In 1999 more than 95% of the turbines installed in the US were Class I; in 2013, more than 65% of the turbines are Class III. In the same period, the average specific power has dropped from more than 390 W/m2 to about 250 W/m2.
Turbine manufacturers and independent engineers are approving Class III turbines for sites with Class II wind speeds & turbulence. This is done after site-specific load analysis of the turbine. The reasons are Class III turbines produce more energy because of larger rotor.
IEC 61400-1 specifies Class requirements for turbines in terms of a) Vref, which is onsite 50 year extreme wind speed computed based on 10-min average, and b) Iref, which is onsite turbulence intensity (TI) at wind speed of 7.5 to 8 m/s. Part (a) determines Class I, II, III or IV, while part (b) determines A, B, C.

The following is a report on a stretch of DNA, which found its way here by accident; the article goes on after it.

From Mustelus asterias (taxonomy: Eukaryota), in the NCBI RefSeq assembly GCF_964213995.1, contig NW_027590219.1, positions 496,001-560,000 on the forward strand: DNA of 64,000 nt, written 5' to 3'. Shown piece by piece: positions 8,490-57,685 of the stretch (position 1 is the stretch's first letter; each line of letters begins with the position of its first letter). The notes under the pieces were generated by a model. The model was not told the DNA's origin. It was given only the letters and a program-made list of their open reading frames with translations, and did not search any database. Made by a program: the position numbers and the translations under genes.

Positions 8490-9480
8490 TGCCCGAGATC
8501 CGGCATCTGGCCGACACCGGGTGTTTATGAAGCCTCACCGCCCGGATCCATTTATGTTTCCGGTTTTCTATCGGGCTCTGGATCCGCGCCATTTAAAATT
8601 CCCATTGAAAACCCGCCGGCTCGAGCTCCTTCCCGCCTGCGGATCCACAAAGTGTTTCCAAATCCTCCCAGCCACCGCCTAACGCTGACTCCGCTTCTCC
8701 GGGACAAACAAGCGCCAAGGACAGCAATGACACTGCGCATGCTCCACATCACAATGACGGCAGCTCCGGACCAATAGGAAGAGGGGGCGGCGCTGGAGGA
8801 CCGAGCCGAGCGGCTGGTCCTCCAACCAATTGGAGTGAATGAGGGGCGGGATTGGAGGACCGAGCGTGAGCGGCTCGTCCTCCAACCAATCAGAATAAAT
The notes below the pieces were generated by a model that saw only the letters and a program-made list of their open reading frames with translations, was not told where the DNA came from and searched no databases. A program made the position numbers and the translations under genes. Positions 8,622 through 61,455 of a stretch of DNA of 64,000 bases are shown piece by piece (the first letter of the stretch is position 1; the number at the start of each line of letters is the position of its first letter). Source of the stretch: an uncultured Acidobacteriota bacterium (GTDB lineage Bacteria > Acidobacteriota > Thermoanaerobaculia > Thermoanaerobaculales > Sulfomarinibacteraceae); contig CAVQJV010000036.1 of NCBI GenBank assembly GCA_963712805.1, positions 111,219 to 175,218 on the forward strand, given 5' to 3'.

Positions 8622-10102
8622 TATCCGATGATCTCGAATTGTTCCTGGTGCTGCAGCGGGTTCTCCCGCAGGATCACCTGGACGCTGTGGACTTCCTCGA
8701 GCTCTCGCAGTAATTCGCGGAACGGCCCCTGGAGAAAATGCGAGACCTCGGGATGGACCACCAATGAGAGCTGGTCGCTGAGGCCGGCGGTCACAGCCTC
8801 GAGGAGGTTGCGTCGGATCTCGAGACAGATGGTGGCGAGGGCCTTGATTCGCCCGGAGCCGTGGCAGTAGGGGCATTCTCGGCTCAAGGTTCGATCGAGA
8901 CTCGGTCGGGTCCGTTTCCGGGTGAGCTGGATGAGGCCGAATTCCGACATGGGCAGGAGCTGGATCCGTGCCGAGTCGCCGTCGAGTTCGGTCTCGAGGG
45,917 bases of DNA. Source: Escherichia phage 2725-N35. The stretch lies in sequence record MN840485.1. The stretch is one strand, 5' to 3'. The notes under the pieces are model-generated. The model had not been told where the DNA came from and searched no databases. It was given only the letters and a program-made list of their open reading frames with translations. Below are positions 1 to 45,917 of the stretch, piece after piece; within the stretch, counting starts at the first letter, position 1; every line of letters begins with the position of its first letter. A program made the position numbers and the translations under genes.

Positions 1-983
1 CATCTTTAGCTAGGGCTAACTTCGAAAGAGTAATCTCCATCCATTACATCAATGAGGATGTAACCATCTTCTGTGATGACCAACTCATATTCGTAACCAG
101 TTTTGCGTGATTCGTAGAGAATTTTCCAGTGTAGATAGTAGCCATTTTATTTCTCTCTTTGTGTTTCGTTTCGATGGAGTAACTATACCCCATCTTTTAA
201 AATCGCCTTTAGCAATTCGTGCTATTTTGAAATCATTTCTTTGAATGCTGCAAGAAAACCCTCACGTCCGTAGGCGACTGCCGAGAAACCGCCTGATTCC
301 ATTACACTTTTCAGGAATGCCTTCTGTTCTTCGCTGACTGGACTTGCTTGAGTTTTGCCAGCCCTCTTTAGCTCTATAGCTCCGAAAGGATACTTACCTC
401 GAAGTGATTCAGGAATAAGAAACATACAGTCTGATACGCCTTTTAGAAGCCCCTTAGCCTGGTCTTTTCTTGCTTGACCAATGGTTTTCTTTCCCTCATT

Part (a). Although the IEC standard specifies classification in terms of Vref, a more practical classification is in terms of annual average wind speed has evolved. Vref is difficult to compute because unavailability of dataset of sufficient size, so for a quick classification average wind speed is used. Note, the manufacturer or an independent engineer will still compute Vref before approving the turbine class.
Class I: Wind speed up to 10 m/s
Class II: Wind speed up to 8.5 m/s
Class III: Wind speed up to 7.5 m/s
Class IV: Wind speed 6 m/s
Part (b). Here X is I, II, III or IV.
Class X A: TI less than 0.16
Class X B: TI less than 0.14
Class X C: TI less than 0.12
So a wind turbine classified as Class IIIA is designed for wind conditions: Average wind speed is less than 7.5 m/s, and TI is less than 0.16.
Source: North American WindPower, January 2015.